The spyware was discovered on the phones of many prominent journalists and activists
We live our lives within the borders of our home, our haven away from the pressures of the world but, in an online world, we forget that our privacy is no longer sacred. It is simply a lock that needs a key.
Pegasus is that key. A surveillance tool at heart, the spyware has been covertly installed onto the smartphones of prominent journalists and activists around the world. The intention is clear, and the threat real.
What is Pegasus?
Created by Israeli cyber intelligence firm NSO Group, Pegasus exists to help law enforcement battle crime. The NSO says that it intended to "develop best-in-class technology to help government agencies detect and prevent terrorism and crime."
Somewhere along the line, those priorities have changed. Thanks to leaks from prominent publications such as The Guardian, we know that it targeted and monitored specific individuals to gather data.
The NSO has confirmed the existence of the spyware but has said that it only sells the tool to governments and is not responsible for its misuse.
Pegasus first achieved prominence in 2016 when discovered on a smartphone that belonged to a human rights activist. Since then, it has stayed in the limelight. Facebook even went to court and sued NSO Group for making the tool.
The lawsuit also shed light on the extent NSO was willing to go to keep their tool relevant. Facebook claimed that the attackers had reverse-engineered the WhatsApp app to send malicious code over the network.
Will Cathcart, WhatsApp CEO put out a tweet and urged the governments to hold abusers of spyware responsible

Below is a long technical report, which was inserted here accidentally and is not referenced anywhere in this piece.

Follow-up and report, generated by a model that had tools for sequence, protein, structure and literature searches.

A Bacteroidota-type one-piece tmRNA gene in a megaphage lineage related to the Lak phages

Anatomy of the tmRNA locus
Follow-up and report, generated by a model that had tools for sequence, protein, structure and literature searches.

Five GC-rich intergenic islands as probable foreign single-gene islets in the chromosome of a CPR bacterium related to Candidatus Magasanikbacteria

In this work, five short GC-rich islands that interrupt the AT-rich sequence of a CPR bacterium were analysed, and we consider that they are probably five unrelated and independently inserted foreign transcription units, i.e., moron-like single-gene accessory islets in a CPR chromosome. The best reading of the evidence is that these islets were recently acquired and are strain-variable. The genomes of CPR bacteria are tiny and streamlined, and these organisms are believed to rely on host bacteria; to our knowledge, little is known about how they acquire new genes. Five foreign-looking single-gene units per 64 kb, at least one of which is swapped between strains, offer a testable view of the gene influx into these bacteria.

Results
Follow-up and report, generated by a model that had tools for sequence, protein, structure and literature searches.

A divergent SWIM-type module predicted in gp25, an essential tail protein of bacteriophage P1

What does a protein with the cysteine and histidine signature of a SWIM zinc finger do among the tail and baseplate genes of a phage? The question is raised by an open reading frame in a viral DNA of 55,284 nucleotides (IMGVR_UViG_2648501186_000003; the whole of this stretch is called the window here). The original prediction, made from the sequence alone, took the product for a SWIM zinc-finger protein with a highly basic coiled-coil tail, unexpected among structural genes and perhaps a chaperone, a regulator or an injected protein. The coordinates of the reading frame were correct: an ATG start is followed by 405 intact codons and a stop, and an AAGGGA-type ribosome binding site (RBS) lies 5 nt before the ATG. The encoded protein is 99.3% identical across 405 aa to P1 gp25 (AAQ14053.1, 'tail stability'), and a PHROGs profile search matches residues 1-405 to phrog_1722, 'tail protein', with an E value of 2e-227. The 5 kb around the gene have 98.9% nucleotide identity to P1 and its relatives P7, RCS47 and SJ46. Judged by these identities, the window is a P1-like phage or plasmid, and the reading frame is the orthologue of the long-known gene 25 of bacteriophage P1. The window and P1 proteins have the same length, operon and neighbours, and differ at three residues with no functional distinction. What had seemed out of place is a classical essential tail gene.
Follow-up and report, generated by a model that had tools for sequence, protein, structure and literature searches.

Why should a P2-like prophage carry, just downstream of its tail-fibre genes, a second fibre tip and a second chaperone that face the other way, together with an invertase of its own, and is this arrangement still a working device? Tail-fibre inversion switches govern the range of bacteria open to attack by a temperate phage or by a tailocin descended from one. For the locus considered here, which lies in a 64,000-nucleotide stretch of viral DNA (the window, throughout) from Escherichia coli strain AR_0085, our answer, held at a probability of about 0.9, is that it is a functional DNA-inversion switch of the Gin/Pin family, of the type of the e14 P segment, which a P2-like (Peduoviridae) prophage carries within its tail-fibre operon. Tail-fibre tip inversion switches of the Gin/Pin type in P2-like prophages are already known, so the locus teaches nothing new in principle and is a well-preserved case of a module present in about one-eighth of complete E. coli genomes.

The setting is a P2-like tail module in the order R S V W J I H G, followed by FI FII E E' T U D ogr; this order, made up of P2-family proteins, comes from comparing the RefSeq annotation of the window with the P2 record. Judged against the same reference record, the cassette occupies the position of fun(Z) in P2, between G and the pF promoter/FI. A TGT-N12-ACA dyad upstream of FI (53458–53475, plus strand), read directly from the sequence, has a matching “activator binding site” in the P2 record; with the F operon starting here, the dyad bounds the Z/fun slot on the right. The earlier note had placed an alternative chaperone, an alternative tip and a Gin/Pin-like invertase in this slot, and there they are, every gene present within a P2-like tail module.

What makes the software worrisome is that its installation is covert and hard to trace. There are a variety of exploits that Pegasus can use to slither its way into a phone.
How does Pegasus work?
There are a variety of exploits that Pegasus targets to install itself onto a smartphone. The simplest way is to get the user to click on an infected link or use a voice call vulnerability in WhatsApp that allows installation simply by placing one missed call. The tool also deletes the call logs afterwards, so you have no way of knowing what happened.
The more recent traces have used an exploit called zero-click. This vulnerability allows Pegasus to become operational without needing any user input. On iPhones, this was possible using a weakness in the mail app where a threat actor could send remote code with mail that consumed large amounts of memory. Apple reportedly patched this in 2020.
On Android, this exploits the operating system's graphics library. A threat actor could send hundred's of multimedia messages and brute force its way into Android's memory system to run remote code. Google and Samsung both confirmed that they had patched this bug.
Other exploits include Apple's Wireless Device Link, the peer-to-peer networking protocol used by iOS devices to talk to each other. Apple acknowledged that it was powerful enough to shut off and reboot systems before being patched.
Despite the security updates and patches, Amnesty international confirmed that Pegasus still managed to infiltrate Android and iPhones as recently as July 2021.
Once Pegasus finds its way onto a smartphone, it operates with all possible permissions. It can track your call logs, monitor your calls, access your camera to record video and use your microphone to record audio. It can read your browsing history and collect information on your app activities. It can read your inputs and, it can even use your GPS to track your current location.
All of the data from the smartphone is extracted and sent to the threat actor. This process is invisible and hard to detect.
The implication that government's around the world use Pegasus to spy on innocent journalists and activists is chilling. With our thoughts already soured by this revelation, we can only guess what lies behind the curtain.